So the third definition that has crept up mainly with the explosion of popularity of Attack on Titan and My Hero Academia could be written as “a sensational dramatic piece of fiction with exaggerated characters and exciting events intended to appeal to the emotions.”
This is the definition that is probably the most pernicious because it dismisses all of the thoughtful character dramas with nuanced thematic elements that aren’t just about making the audience sit on the edge of their seat.
It’s also the definition of another word, a more appropriate word, and one that I think we need to take out of the closet, dust off and accept — melodrama.
Melodrama is everywhere
The word melodrama evokes images of damsels tied to railroad trestles while square-jawed heroes battle with mustache-twirling villains. And, sure, that is likely an accurate idea of what a melodrama is.
But I think melodrama is more extensive than just Penelope in Peril. I see it as part of any story that is larger than life, and focuses on action and is mainly interested in eliciting an emotional reaction. These stories are not trying to recreate the modern world but present a greatly heightened world.
I may be going out on a limb here, but I think it’s safe to say melodrama is a large part of popular storytelling. For instance, what is Terminator, but a sensational dramatic piece of fiction with exaggerated characters and exciting events intended to appeal to the emotions?
How about most of the Marvel movies? Or Star Wars? Or Pulp Fiction? Or many modern slasher movies?
Yes. The characters may be more than just walking stereotypes, but that doesn’t make the situations less melodramatic.
This becomes more common the younger the target audience is. What is X-Men except for a melodrama? I don’t know what else you would call a story that involves a clone of one of the main character’s girlfriends leading a demonic invasion of New York City, except for melodramatic.
The problem I kept coming back to when I was thinking about that third definition of anime is that Jonah is right. A lot of anime is over the top. At one point, I noted that people’s enjoyment of Back Arrow is contingent on how well they can handle characters yelling dialogue across the battlefield.
Even a calm work like Honey and Clover is wrought with emotions as the five main characters stumble their way through love.
But these are not features that are singular to anime, though. Imagine a Hallmark movie without a tragic backstory and a tearjerker of an ending. What about the Christmas films stuffed with broad comedy like National Lampoons Christmas Vacation.
Much of the popular entertainment we consume exists on this heightened level with broad characters and generally little in the way of nuance.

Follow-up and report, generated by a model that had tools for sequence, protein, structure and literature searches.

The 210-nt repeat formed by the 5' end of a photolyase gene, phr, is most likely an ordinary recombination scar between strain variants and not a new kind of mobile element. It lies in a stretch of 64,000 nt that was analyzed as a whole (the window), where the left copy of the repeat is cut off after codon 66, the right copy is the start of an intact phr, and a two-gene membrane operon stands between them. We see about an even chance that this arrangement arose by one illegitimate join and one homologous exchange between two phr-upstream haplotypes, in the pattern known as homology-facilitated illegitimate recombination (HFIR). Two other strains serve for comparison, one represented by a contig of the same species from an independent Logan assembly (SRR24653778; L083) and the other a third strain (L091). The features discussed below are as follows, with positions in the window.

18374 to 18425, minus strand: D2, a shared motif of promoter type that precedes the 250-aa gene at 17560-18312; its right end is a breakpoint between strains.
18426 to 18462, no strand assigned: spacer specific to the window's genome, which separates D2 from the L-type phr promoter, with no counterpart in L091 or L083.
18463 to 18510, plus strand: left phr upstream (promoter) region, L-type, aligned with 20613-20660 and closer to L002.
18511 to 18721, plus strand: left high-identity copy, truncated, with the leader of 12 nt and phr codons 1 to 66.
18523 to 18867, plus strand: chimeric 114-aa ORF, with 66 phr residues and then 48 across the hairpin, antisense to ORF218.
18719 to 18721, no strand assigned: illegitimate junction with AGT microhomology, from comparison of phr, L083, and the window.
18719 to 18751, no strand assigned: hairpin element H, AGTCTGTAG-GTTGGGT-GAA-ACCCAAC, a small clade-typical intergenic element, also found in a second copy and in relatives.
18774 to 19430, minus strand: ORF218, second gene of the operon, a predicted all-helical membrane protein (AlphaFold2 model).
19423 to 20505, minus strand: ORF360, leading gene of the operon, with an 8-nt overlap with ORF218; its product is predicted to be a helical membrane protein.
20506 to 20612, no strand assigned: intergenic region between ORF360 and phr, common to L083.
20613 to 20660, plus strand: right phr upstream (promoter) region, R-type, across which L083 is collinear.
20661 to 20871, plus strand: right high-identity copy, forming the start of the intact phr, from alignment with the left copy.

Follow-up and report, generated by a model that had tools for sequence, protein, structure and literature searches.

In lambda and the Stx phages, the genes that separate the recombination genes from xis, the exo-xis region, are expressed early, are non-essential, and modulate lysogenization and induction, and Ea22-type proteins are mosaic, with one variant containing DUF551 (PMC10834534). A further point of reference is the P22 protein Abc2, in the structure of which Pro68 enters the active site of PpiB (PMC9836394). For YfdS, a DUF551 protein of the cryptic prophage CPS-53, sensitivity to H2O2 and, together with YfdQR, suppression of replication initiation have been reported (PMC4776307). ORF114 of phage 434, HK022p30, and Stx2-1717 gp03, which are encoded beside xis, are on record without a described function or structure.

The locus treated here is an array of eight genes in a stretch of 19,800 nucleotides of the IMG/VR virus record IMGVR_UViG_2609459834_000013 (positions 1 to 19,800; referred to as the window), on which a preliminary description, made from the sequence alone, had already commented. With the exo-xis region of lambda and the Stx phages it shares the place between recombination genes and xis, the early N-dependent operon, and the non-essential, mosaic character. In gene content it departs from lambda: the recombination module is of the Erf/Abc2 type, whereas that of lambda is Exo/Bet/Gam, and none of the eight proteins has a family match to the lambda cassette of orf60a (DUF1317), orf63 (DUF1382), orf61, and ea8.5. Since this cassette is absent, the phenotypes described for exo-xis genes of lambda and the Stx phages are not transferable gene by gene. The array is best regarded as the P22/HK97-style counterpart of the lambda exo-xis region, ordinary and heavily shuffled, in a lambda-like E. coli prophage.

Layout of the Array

The problem is that we don’t define those types of stories as melodramas. We call them superhero films or slasher flicks. We might call them dystopias or science fiction. We may even say they’re Christmas movies or romantic comedies.
We don’t give anime the same privileged of breaking it into genres. Sure, a lot of it has the touch of melodrama, but a lot of it doesn’t. A story like Berserk or Showa Genroku Rakugo Shinjuu has far less melodrama than Hunger Games or Nightmare on Elm Street.
Replacing the word melodrama with anime is simply a way of making melodrama sound cool, and it’s dismissive of the loads of anime that doesn’t dip into melodrama.
Uphill in the Snow
So I raised the issue, what is the solution?
Well, the truth is that I don’t know. I’m pretty convinced that it’s impossible to rewind that clock. We now live in a world where anime has three definitions. That is not likely to change any time soon. No matter how much I want to go back to a world where anime just meant animation from Japan.
On top of that, I certainly don’t have the reach or power to change things. I’m just one voice shouting in the darkness. So many anime fans are fans of something else first and anime second, so the chance of changing the use of the world is relatively small.
But I would like people to start seeing the commonalities in storytelling. If we looked at what makes the stories the same rather than what makes them different, perhaps we wouldn’t be dealing with this problem.
Maybe if we looked at how we’re more similar than different, then we would stop trying to gussy up the word melodrama.
As always, thanks for reading.